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Money Laundering, Lenity, GAAP, and the Narrowest Grounds

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Understatement of the day award goes to Justice Samuel Alito: "There are no generally accepted accounting principles for determining the net income of illegal enterprises...." United States v. Santos, No. 06-1005 (today) (dissent). The splintered opinion involves more interesting issues than I had thought, and we now have an idea why it took a rare nine months from oral argument to opinion. We have the meaning of an ambiguous word in a statute, the rule of lenity, interpretation of splintered opinions, and the practical realities of organized crime prosecution.

In 18 U.S.C. §1956, Congress made it a crime to do a variety of things with the "proceeds" of a variety of crimes. Is that gross or net? Is it "receipts" or "profits"? Congress did not say in the statute, nor is there a clue in the legislative history, for those who consider that non-bunk. After all, there are pork barrels to roll out, and Congress can't be bothered to precisely define a law combating organized crime when urgent matters like funding the Slobodian Cultural Center of Upper Sasquatch need attention.

So, Santos and Diaz were convicted of violations regarding receipts of an illegal lottery with no showing that these are profits. They sought collateral relief under 28 U.S.C. § 2255 based on a subsequent Seventh Circuit decision limiting the statute to profits.They got it, and the government petitioned for certiorari.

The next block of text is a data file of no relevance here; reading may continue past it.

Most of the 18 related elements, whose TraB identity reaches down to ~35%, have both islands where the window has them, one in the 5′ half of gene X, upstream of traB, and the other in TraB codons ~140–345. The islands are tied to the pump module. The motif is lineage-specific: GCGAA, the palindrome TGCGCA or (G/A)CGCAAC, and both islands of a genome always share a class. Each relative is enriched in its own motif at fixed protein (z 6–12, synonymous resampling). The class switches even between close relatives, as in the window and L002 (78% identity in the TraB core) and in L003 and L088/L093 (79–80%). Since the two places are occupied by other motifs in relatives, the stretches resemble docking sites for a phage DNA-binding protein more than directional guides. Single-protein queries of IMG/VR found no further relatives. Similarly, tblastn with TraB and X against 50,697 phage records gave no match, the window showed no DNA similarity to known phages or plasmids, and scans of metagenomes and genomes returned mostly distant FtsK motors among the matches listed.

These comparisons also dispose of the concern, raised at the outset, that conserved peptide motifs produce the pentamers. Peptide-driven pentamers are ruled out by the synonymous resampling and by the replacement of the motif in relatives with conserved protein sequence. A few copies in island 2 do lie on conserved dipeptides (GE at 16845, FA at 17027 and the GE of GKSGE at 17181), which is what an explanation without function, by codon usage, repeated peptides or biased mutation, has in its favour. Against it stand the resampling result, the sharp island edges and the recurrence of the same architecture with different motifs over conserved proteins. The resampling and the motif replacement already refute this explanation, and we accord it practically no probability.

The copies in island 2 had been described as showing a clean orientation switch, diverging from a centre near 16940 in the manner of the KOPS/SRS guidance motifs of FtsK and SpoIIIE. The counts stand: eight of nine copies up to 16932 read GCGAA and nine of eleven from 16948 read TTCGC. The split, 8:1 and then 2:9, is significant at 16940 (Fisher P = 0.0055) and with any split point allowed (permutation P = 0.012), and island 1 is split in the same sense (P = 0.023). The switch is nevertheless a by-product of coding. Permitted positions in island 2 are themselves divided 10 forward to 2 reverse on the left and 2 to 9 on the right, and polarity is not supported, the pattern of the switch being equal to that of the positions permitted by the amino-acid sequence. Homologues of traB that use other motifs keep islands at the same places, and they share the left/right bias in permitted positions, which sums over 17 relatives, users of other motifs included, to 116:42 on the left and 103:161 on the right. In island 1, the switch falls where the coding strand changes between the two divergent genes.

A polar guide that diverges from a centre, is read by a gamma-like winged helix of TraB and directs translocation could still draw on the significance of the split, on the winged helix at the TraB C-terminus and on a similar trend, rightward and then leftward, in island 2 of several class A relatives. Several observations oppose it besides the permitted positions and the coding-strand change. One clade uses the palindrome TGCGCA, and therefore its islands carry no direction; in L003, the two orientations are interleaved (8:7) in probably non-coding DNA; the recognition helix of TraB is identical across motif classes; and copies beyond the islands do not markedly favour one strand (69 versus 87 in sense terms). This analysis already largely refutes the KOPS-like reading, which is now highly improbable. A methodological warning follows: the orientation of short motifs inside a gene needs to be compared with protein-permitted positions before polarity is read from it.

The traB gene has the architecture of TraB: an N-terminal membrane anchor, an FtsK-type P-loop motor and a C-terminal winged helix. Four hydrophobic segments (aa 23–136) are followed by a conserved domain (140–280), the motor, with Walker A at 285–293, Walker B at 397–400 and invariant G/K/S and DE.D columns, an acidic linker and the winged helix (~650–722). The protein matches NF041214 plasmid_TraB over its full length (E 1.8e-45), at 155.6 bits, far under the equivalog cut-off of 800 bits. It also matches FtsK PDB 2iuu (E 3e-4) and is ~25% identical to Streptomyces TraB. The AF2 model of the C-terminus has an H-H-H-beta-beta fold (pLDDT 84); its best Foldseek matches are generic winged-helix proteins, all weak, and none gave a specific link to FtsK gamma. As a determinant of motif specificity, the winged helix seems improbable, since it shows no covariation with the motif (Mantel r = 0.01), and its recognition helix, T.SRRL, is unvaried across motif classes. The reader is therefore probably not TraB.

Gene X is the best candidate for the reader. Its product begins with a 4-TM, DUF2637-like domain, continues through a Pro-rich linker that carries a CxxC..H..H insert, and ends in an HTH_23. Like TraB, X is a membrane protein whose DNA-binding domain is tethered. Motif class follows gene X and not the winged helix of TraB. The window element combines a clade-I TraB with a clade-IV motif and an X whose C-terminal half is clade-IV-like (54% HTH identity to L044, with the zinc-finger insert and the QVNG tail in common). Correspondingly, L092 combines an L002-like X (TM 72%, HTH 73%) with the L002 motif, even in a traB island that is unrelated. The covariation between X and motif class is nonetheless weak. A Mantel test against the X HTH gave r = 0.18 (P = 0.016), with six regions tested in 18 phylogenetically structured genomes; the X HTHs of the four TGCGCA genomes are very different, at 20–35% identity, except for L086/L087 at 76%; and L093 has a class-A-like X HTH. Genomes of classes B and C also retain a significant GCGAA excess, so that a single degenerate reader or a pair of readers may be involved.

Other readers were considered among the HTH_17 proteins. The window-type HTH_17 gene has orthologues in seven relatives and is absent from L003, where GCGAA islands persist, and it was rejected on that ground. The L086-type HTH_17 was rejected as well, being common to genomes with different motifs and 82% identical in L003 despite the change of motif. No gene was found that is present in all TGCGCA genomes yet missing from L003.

There is no majority opinion. Four of the five parts of Justice Scalia's lead opinion are joined by Justices Souter, Thomas, and Ginsburg. Thomas does not join Part IV on the effect of splintered opinions, but he does not say why. Justice Alito wrote the principal dissent, joined by the Chief and Justices Kennedy and Breyer. Analysts who insist on viewing everything on simplistic liberal-conservative terms are foiled again.

Justice Scalia says that there is no reason in either the plain meaning of the word or its context in the statute to prefer one definition over the other. He also notes that there is no help in the legislative history, "putting aside the question whether" history is bunk. Therefore the Court must adopt the more "defendant-friendly" definition. Yes, he really says that. The defense bar can now drop the stilted old language of "lenity" and ask expressly for "defendant-friendly" rulings. "Proceeds" means "profits" across the board for this statute.

Justice Stevens does not join this opinion. He maintains that because Congress could have defined "proceeds" to mean net in some contexts and gross in others, and probably would have if they had thought it through, judges can do the same when performing their fill-in-the-gaps lawmaking function. In this view (the Federal Criminal Appellate Bar Full Employment Act), the question presented in this case must be litigated anew for each context.